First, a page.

The empire of dreams by Rae Carson

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I eagerly picked up this outstanding fantasy novel, based on the name of the author. I had really enjoyed the Girl of Fire and Thorns trilogy many years ago and was delighted to see another book in that extraordinary world. Carson has given her fans a stand-alone novel telling the story of Red Sparkle Stone as she grows into a young woman. The court will not accept her as one of Empress Elisa’s heirs, so she decides to join the elite Royal Guard, a group which has never had a woman warrior in it.

Red is indomitable, determined to prove her worth as a guard, but also as a young woman making her way in a man’s world. She allows herself to gradually befriend some of the new recruits and when danger faces the empire, she works with Ivan another young recruit and friend of the prince Rosario, to find who is trying to oust the empress.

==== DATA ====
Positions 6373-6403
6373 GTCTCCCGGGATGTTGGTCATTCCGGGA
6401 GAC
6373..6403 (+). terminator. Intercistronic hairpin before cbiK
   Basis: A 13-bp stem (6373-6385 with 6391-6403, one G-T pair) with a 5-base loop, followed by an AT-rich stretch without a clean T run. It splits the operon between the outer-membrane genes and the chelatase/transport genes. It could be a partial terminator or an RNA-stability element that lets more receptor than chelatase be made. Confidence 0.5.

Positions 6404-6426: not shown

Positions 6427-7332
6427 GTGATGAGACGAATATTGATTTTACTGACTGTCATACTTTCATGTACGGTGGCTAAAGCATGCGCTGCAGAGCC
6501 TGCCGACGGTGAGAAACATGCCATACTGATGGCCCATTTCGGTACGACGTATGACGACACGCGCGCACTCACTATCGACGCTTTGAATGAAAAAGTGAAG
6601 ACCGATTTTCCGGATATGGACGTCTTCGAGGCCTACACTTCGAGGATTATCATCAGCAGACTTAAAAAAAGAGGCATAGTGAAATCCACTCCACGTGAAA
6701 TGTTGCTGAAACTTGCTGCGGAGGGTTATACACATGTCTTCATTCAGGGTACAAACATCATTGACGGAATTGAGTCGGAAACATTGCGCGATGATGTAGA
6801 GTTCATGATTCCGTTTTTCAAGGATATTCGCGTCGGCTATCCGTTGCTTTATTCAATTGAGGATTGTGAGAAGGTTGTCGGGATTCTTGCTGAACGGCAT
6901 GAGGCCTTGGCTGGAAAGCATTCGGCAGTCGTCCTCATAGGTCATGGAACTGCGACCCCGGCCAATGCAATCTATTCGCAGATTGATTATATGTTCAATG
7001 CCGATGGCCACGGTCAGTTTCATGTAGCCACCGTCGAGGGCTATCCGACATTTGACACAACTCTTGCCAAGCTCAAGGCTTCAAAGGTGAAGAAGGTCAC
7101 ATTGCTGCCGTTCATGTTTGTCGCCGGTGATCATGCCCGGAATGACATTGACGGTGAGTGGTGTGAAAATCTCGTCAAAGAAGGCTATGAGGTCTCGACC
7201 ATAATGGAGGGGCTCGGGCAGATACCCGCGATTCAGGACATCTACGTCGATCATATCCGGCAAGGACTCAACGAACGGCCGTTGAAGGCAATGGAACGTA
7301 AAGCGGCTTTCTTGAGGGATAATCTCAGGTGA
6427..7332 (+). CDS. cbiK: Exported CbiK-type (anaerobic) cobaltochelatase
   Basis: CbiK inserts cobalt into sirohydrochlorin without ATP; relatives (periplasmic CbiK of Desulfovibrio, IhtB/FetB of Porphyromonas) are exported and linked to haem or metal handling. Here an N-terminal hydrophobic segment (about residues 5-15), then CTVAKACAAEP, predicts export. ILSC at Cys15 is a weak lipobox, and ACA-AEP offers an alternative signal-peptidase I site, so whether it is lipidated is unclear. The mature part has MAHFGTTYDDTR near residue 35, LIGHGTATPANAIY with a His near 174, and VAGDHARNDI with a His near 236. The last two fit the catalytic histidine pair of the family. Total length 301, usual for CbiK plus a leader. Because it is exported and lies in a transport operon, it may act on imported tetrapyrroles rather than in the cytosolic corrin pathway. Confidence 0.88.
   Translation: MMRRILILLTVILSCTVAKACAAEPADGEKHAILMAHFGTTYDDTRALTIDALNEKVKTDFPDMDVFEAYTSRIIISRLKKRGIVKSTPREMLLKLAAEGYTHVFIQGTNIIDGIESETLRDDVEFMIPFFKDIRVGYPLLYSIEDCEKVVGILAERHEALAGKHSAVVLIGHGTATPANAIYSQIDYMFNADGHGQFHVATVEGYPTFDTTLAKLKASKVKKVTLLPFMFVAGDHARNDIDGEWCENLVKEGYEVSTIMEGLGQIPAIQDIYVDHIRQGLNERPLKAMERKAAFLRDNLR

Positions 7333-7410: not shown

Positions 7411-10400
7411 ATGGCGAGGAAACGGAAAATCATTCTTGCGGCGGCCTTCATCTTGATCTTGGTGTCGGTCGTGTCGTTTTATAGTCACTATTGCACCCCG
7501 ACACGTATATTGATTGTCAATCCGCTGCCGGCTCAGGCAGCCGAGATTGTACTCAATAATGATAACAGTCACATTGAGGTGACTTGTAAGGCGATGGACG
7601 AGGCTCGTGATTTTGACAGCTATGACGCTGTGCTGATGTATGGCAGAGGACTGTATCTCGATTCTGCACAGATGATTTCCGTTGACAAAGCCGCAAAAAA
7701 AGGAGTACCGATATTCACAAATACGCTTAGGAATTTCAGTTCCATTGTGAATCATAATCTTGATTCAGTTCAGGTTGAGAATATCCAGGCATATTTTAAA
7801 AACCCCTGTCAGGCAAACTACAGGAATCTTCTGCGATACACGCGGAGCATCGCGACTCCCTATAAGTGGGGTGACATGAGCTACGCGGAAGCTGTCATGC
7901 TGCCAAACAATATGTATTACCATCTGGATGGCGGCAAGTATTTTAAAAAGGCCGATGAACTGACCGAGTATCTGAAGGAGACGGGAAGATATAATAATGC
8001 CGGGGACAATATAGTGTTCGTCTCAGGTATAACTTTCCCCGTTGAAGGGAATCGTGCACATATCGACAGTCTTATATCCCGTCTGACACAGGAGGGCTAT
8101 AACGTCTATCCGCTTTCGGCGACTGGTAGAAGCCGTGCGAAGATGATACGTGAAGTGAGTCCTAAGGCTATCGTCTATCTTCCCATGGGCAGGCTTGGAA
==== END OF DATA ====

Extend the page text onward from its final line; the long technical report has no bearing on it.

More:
There is plenty of action and adventure for thrill seeking fans, but the theme that stood out for me was that of soldier sickness. The story is told in both the past in chapters titled Then and the present entitled Now. Red’s heartbreaking upbringing and treatment as a child slave is disclosed in flashbacks, while what is happening with the recruits and her gradual emergence as a leader is told in the present. Red occasionally has moments when her past overwhelms her and she sometimes needs to find a safe small place to sleep, but she has learnt to live with this. The author gives an enlightening note about PTSD at the back of the book.

This is a coming-of-age story and will appeal to fans of Tamora Pierce while older readers may enjoy going on to A deadly education by Naomi Novik. I found myself rereading the Girl of Fire and Thorns trilogy and can see why fans of the book asked Carson to write Red’s story.


Themes: Coming of age, PTSD, Feminism.

Pat Pledger